Police statements and Supreme Court documents show police are investigating an “organized crime” group that operated within the intelligence agency, known by its Portuguese acronym ABIN, during Bolsonaro's term. The group allegedly used the agency’s tools and services for political use and personal gain.

The group is also suspected of seeking to interfere with ongoing police investigations, some of which targeted or involved two of Bolsonaro’s other sons, Jair Renan and Flávio.

Police suspect ABIN under Ramagem used a software known as FirstMile, developed by Israeli company Cognyte, “to monitor targets and public authorities ... with the aim of creating false narratives,” according to Supreme Court documents.

The software allows the geolocalization of cellphones. De Moraes, the Supreme Court Justice, said in its decision that police had identified over 60,500 uses of the software between 2019 and 2021.

O Globo, which broke the story in May, reported that ABIN agents used to software to monitor political figures and journalists.

Monday's police statement said the latest operation sought to advance the political side of the investigation, to "identify the main recipients and beneficiaries of illegally produced information.”

Sunday night, Jair Bolsonaro conducted a two-and-a-half-hour long live broadcast on social media, along with three of his sons, including Carlos. The broadcast was done from a house in the seaside city of Angra dos Reis.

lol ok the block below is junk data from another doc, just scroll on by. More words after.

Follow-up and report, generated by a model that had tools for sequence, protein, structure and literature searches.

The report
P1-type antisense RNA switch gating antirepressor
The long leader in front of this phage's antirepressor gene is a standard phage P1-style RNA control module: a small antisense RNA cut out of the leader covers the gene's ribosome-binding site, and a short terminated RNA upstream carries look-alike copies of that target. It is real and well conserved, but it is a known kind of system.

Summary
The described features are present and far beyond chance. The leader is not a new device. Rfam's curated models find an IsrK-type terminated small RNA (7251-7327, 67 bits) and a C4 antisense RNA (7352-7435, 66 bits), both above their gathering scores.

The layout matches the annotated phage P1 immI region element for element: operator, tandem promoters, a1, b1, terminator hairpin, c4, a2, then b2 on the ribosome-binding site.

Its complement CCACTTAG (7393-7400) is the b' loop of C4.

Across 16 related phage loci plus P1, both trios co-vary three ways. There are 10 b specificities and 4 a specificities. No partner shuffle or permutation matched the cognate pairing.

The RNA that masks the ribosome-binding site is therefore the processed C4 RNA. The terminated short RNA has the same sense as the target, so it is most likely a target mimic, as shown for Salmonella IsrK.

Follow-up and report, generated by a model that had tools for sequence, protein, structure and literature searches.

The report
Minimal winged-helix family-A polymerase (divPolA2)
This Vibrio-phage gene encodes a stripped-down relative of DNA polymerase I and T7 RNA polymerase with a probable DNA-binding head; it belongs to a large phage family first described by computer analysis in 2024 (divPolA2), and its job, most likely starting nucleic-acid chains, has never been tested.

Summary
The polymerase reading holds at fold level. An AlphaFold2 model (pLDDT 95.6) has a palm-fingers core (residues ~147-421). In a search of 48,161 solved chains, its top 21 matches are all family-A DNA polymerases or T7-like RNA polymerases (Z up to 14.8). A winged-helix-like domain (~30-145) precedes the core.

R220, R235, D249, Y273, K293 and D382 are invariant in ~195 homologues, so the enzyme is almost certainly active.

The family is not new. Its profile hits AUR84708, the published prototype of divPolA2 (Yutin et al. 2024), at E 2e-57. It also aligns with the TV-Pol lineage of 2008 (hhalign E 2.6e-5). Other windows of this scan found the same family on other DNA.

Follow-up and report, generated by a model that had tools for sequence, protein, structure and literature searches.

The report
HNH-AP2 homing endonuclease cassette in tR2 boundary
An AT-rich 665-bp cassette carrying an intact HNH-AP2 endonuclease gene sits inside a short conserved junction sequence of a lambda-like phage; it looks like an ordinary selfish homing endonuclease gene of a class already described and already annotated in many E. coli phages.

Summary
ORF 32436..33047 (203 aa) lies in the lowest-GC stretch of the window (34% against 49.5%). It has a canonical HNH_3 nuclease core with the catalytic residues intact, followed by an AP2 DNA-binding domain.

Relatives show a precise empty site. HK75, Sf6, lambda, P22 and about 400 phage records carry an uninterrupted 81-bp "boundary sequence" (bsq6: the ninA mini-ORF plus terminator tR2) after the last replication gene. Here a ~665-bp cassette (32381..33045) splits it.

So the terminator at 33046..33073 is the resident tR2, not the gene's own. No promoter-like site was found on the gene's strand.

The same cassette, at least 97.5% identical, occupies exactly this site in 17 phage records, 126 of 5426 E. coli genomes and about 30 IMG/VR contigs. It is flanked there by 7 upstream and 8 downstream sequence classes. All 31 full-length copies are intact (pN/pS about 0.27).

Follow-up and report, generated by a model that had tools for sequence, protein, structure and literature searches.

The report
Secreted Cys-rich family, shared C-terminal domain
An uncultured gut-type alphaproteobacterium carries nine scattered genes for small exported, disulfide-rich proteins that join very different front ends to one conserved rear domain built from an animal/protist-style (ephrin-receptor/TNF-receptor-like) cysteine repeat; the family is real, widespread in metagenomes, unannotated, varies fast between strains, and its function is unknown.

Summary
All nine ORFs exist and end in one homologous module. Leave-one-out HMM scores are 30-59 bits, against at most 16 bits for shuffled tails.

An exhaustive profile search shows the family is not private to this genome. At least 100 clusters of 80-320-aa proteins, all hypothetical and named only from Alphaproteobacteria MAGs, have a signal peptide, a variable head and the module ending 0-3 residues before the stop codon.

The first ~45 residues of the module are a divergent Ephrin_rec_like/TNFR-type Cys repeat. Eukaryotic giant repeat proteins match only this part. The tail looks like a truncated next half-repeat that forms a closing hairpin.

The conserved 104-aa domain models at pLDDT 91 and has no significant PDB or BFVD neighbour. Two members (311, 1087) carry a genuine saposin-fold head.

In the video, the Bolsonaros defended Ramagem and criticized the investigation, with the former president calling the idea of a parallel intelligence unit “fantastical.”

Local outlets reported on Ramagem's ties with the Bolsonaro family since the presidential campaign of 2018. Then a federal police officer, Ramagem served as one of Jair Bolsonaro’s security coordinators, O Globo reported. In one photo widely shared by local media, he appears all smiles at a 2018-2019 New Year's Eve party alongside Carlos Bolsonaro and their then spouses.

Bolsonaro appointed Ramagem to lead ABIN in May 2019. The right-wing leader had previously appointed him to be federal police chief but quickly yielded to growing criticism around the nomination for Ramagem was widely seen as too close to the president’s family, and that he might give members preferential treatment.

In a March 2020 TV interview, Gustavo Bebianno, who had acted as one of the former president’s key aides and as a Cabinet minister before being fired, said Carlos had spoken to him about creating a parallel intelligence unit within the agency.

“One fine day, Carlos shows up with the name of a federal detective and three agents who would form a parallel ABIN, because he didn’t trust ABIN,” Bebianno told TV program Roda Viva shortly before his death in 2020. “We advised the president not to do anything of the sort... After I left, I don’t know if this was implemented or not.” Less than two weeks after the interview, Bebianno died suddenly from a heart attack, according to his family.

O Globo, which is based in Rio, reported that law enforcement had seized a computer that belonged to ABIN in one of the addresses mentioned in the warrants. The agency's press department told the AP in an email it was investigating the claim.